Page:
Everyone remembers the science lesson about human reproduction. Having to draw pictures of the male and female reproductive organs, while the teacher explained as much detail as the national curriculum would allow, while trying to quell the hilarity that accompanied every mention of the word ‘penis’. GCSE science made the miracle of conception all very confusing and a bit too scientific (plus absolutely mention of Barry White).
BBC1’s new documentary Inside the Human Body ramps up the science while managing to dispense with a lot of the confusion. In the first episode of this in-depth series, the story of human creation is revealed in extraordinary detail. Presented by former doctor Michael Mosley, with the help of state-of-the-art CGI, there are no details spared in describing how the sperm manages to make the long and arduous journey to finally fertilise the uterus (the CGI makes the a human egg look exactly like a scotch egg).
As the documentary goes on, it explains quite how miraculous it is that one of your dad’s sperm managed to make it to fertilising your mum’s egg (fun fact: your mum’s eggs all developed when she was a foetus) and how the resulting union developed into a foetus that developed into you. Talk about a brain melter. The CGI’s incredible detail is very illuminating in getting the point across (I was really rooting for the sperm to make it) and at times the whole thing begins to look like a cross between Wonders of the Universe and a some crazy science-fiction film.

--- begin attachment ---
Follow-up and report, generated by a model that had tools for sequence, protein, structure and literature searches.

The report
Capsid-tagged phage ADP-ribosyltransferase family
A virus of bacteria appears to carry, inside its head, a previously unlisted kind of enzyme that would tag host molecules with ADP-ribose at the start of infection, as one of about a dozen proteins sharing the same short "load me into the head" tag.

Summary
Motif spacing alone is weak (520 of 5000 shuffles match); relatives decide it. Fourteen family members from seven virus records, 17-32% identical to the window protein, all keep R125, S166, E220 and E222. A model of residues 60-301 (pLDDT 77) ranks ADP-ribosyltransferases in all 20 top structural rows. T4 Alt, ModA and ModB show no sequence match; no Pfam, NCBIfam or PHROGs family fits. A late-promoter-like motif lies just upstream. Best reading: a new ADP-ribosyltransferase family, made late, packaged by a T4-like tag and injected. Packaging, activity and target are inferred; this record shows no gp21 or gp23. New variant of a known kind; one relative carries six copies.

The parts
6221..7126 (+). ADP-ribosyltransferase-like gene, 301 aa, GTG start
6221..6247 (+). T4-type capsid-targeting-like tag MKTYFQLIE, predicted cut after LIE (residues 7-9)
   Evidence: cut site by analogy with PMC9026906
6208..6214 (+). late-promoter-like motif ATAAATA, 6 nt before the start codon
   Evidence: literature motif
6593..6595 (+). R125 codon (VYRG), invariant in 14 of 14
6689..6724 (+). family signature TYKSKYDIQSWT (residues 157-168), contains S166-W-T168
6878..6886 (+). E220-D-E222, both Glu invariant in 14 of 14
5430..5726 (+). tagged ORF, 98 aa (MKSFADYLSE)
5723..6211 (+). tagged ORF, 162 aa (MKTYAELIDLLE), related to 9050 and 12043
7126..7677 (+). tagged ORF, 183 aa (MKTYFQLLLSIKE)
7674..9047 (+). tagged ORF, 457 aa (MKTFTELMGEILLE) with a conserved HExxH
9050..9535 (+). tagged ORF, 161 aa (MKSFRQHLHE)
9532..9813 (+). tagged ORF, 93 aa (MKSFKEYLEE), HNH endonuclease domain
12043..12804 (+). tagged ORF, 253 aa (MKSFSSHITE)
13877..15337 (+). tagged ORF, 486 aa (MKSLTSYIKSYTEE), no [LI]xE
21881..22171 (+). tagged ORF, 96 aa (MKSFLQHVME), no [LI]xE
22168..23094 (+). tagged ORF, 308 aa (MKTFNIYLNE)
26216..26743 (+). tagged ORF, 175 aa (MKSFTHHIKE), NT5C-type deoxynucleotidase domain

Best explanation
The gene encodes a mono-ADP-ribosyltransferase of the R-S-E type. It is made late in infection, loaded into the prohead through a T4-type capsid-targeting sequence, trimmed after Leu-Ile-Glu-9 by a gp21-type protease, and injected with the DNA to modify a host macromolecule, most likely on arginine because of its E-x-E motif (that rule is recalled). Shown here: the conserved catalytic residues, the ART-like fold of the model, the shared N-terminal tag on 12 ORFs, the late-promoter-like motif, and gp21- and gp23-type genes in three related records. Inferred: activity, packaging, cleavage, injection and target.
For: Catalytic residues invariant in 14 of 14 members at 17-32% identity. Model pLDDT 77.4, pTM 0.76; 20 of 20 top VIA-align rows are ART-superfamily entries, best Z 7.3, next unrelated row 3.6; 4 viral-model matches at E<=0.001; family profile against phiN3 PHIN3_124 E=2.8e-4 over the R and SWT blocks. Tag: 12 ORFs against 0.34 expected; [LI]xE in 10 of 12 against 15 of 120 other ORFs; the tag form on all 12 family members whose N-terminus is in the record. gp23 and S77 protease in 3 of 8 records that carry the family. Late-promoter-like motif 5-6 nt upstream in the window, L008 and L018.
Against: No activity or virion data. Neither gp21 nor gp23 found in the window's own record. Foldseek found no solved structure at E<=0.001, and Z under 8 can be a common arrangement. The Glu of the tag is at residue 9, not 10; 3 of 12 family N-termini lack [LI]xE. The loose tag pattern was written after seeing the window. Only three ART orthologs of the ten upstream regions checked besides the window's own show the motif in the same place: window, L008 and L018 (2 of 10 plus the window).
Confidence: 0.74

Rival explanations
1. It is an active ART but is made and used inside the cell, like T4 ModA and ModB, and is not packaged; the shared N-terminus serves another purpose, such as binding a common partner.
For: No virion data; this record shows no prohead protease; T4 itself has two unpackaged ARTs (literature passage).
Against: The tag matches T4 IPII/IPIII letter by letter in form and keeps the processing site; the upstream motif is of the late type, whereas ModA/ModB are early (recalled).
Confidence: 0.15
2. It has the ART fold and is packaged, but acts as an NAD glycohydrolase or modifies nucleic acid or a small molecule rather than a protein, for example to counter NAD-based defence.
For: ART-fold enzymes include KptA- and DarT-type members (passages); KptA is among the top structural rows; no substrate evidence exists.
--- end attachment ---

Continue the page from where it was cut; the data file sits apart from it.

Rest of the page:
Mosley is a great narrator, clear and informative in a manner not dissimilar to Professor Robert Winston, he is able to explain the complex forming of a human life in a simple manner that is easy to understand and the show also visits some examples of how the development of the foetus didn’t quite follow the traditional path. We meet a woman expecting triplets and the oldest living conjoined twins – and how these developed differently. It also explores some of the things you’ve never thought of, including how your face forms in the womb. Definitely more thought-provoking than those hilarious illustrations in your science textbook.